Formula 1 CEO Stefano Domenicali says the sport will consider any further response to the missile strike which put the Saudi Arabian Grand Prix in doubt “in the right way.”
F1 drivers who expressed doubts about remaining in the country were persuaded to continue with the event in a late-running meeting on Friday night. Domenicali said in an interview on Saturday the drivers’ concerns were handled “properly”.
“When you have to manage such a situation I think that you need to divide the emotion with the rational aspect of it and try to manage all the information that you have to try to make the right assessment and to involve the right stakeholders, the right people in that decision,” he said.
Domenicali insisted the sport had put the safety of all involved before any other considerations.
“There’s been a lot of discussion, a lot of debate, but safety, security for all the people of our world is at the maximum level of attention to all of us. And there’s no discussion about it. It’s just the first priority.
“Of course, when you talk with the right authority, they have the responsibility for that in terms of the Ministry of Defence, the internal security. When we have received all the [as]surance that everything was under control the properly managed – and we need to rely on them because they have the responsibility for that – we inform the teams and the drivers and we move on.”
Last month F1 cancelled Russia’s grand prix contract following the country’s invasion of Ukraine. Saudi Arabia launched a military invention in Yemen seven years ago and Friday’s attack was carried out by Houthi rebels from its southern neighbour.
Asked whether F1 should not race in countries which are involved in armed conflicts, Domenicali said: “It’s a matter of definition.
“Is a terrorist attack a war? We are talking about sport. We are, of course, in countries with all the authorities, with all the embassies, with all the right governing body. And of course, we will follow that and we will never be in a situation that can jeopardise the safety of our people.”
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Yesterday Valtteri Bottas said F1 bosses told drivers they will “reconsider all the events for the future, including this one, to make sure that we go to the right places.” Domenicali indicated that will go ahead after the race weekend.
“I’m pretty sure that, as I said, something related to the situation would be considered, but in the right way,” he said. “We don’t have to be emotional.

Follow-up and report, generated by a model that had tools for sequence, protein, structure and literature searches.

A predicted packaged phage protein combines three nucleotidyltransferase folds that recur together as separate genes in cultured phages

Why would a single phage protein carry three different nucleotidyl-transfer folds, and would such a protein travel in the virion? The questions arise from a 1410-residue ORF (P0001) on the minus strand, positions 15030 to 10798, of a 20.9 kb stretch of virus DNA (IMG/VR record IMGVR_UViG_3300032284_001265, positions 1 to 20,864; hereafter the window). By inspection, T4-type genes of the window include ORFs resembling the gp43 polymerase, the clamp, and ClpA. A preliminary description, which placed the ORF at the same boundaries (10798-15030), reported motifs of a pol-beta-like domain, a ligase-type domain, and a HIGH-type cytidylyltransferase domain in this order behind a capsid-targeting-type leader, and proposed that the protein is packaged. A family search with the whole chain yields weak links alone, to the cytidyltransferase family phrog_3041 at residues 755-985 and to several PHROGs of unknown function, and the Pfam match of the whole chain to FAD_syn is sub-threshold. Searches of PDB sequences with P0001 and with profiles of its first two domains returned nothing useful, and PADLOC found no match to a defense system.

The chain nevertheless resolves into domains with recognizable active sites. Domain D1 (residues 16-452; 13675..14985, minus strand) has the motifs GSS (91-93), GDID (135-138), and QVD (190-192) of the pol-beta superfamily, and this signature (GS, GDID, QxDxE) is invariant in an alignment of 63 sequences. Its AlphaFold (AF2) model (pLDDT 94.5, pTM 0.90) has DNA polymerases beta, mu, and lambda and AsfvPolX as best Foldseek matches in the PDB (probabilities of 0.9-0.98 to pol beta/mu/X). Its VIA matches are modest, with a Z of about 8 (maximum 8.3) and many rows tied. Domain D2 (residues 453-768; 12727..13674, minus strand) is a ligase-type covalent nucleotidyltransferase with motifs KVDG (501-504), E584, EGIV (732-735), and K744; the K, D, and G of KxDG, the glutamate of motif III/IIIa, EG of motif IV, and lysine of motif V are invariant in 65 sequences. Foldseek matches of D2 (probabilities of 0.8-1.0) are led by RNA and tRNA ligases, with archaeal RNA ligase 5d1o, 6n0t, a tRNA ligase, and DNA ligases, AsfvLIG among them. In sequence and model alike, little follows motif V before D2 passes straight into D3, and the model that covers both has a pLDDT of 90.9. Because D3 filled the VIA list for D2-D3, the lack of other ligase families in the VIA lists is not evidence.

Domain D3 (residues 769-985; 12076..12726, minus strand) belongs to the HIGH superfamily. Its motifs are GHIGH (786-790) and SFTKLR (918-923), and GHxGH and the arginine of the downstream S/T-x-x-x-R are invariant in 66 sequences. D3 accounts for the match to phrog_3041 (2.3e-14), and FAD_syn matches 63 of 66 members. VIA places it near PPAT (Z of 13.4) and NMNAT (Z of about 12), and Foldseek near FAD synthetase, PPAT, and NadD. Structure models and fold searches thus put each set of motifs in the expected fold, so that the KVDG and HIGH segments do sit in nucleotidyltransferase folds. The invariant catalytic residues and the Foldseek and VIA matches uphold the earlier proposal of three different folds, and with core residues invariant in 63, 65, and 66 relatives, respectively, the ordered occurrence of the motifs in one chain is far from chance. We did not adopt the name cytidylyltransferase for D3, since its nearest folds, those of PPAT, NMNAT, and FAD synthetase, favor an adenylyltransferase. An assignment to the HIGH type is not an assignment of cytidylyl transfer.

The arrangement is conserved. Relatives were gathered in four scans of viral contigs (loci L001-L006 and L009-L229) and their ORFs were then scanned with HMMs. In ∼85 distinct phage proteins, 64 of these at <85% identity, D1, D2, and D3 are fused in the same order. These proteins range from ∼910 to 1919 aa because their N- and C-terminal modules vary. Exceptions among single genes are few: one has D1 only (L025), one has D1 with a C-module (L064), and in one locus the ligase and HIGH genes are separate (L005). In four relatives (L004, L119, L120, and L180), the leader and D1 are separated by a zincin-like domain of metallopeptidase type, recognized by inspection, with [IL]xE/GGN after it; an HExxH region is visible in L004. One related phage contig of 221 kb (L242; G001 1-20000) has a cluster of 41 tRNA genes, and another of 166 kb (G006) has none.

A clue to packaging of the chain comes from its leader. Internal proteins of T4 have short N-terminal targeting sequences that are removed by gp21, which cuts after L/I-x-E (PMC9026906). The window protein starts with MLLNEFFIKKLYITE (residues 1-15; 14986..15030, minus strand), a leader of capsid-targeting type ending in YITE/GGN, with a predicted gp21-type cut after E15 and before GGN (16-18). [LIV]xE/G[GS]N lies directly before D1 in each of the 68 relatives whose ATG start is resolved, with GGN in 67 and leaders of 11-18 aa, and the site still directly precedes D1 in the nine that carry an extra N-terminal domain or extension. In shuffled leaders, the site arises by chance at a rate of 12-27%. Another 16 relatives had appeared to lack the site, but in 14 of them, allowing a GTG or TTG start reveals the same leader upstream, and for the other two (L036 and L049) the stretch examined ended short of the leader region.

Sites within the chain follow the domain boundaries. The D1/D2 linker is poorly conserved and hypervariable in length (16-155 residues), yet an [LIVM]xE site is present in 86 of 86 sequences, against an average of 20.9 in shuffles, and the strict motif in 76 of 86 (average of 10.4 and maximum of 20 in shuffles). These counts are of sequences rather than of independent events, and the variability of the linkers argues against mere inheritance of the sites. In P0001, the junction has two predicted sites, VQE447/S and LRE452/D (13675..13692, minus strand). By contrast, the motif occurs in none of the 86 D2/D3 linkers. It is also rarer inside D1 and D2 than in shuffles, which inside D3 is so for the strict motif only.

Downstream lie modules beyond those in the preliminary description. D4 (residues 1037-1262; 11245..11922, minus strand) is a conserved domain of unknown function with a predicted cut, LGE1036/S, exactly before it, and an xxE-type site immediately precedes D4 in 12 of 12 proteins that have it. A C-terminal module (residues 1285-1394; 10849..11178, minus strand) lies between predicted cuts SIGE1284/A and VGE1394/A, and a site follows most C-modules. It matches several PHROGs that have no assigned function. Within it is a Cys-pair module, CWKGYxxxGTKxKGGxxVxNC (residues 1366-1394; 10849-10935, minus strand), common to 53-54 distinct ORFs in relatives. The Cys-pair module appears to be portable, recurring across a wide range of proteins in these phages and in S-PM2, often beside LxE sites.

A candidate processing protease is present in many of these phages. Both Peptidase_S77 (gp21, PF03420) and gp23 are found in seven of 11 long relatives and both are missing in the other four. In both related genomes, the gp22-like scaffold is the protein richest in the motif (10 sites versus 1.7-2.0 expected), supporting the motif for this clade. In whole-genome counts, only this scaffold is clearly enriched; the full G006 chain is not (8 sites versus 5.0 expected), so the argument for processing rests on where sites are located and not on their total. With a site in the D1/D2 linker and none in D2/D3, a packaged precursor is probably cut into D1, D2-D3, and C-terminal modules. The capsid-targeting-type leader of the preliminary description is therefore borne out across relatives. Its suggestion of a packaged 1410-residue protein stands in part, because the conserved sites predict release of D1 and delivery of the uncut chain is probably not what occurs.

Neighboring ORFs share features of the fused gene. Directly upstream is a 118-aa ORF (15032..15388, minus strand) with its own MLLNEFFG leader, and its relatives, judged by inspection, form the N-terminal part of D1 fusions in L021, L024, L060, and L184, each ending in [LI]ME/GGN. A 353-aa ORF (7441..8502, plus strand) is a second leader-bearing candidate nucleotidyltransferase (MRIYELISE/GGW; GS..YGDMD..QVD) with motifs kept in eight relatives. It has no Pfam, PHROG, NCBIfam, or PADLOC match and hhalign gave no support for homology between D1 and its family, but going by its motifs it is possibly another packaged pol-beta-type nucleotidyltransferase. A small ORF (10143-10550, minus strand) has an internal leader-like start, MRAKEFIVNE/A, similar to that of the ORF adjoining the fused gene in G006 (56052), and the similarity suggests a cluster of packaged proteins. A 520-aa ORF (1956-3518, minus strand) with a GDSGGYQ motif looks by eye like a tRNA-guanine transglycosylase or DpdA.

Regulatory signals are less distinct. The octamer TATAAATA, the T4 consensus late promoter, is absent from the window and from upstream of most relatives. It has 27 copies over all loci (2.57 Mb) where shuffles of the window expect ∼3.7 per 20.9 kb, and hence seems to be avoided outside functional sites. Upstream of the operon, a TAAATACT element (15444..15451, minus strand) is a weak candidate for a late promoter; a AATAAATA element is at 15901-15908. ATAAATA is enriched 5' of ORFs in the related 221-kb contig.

“I say that because I was the first, when I saw that smoke just over there, that reminds me a lot of things that we see now on TV. It’s pretty clear that that was the connection.
“But as I said, rationality over everything. It has been for sure, an intense day, sharing with openness these things I think is the right way to do with modern Formula 1.”
Mercedes team principal Toto Wolff said the sport’s European teams need to understand events such as Friday’s missile strike are regarded differently in some countries the visit.
“I love going to Tel Aviv but if you’re in Tel Aviv, you’re pretty used to situations where drones are being flown over and it goes both directions,” he said. “There wasn’t any attack into Saudi Arabia that caused any civilian casualties, as far as I can remember, as far as I’ve been told, for a long time.
“So that’s why we just need to understand that this is culturally very different to how we see our western cultures. For us, is it acceptable to race there is a drone rocket that’s going in a petrol tank? Certainly not. But for here, within their culture, these things happen here.”
He defended F1’s justification for racing in Saudi Arabia, which his driver Lewis Hamilton has criticised for its poor human rights record, saying it was better to engage with the country and bring attention to it than cut them off.
“I don’t want to say ‘well, I’m not racing’ because I’m generally someone that wants to give people the chance to better themselves,” said Wolff.
“Does Saudi Arabia and some of the other Middle Eastern countries share the same values, the same culture as we do in Europe? They don’t. Are they where we want them to be? No. Can we, by coming here, put the spotlight into this place by racing here Formula 1, by making those things visible and therefore making it a better place? I still think so.
“I’d rather come here and make the spotlight shine on the region so it needs to be in a better place rather than say ‘I’m not going there, I don’t want to hear anything of it’.”
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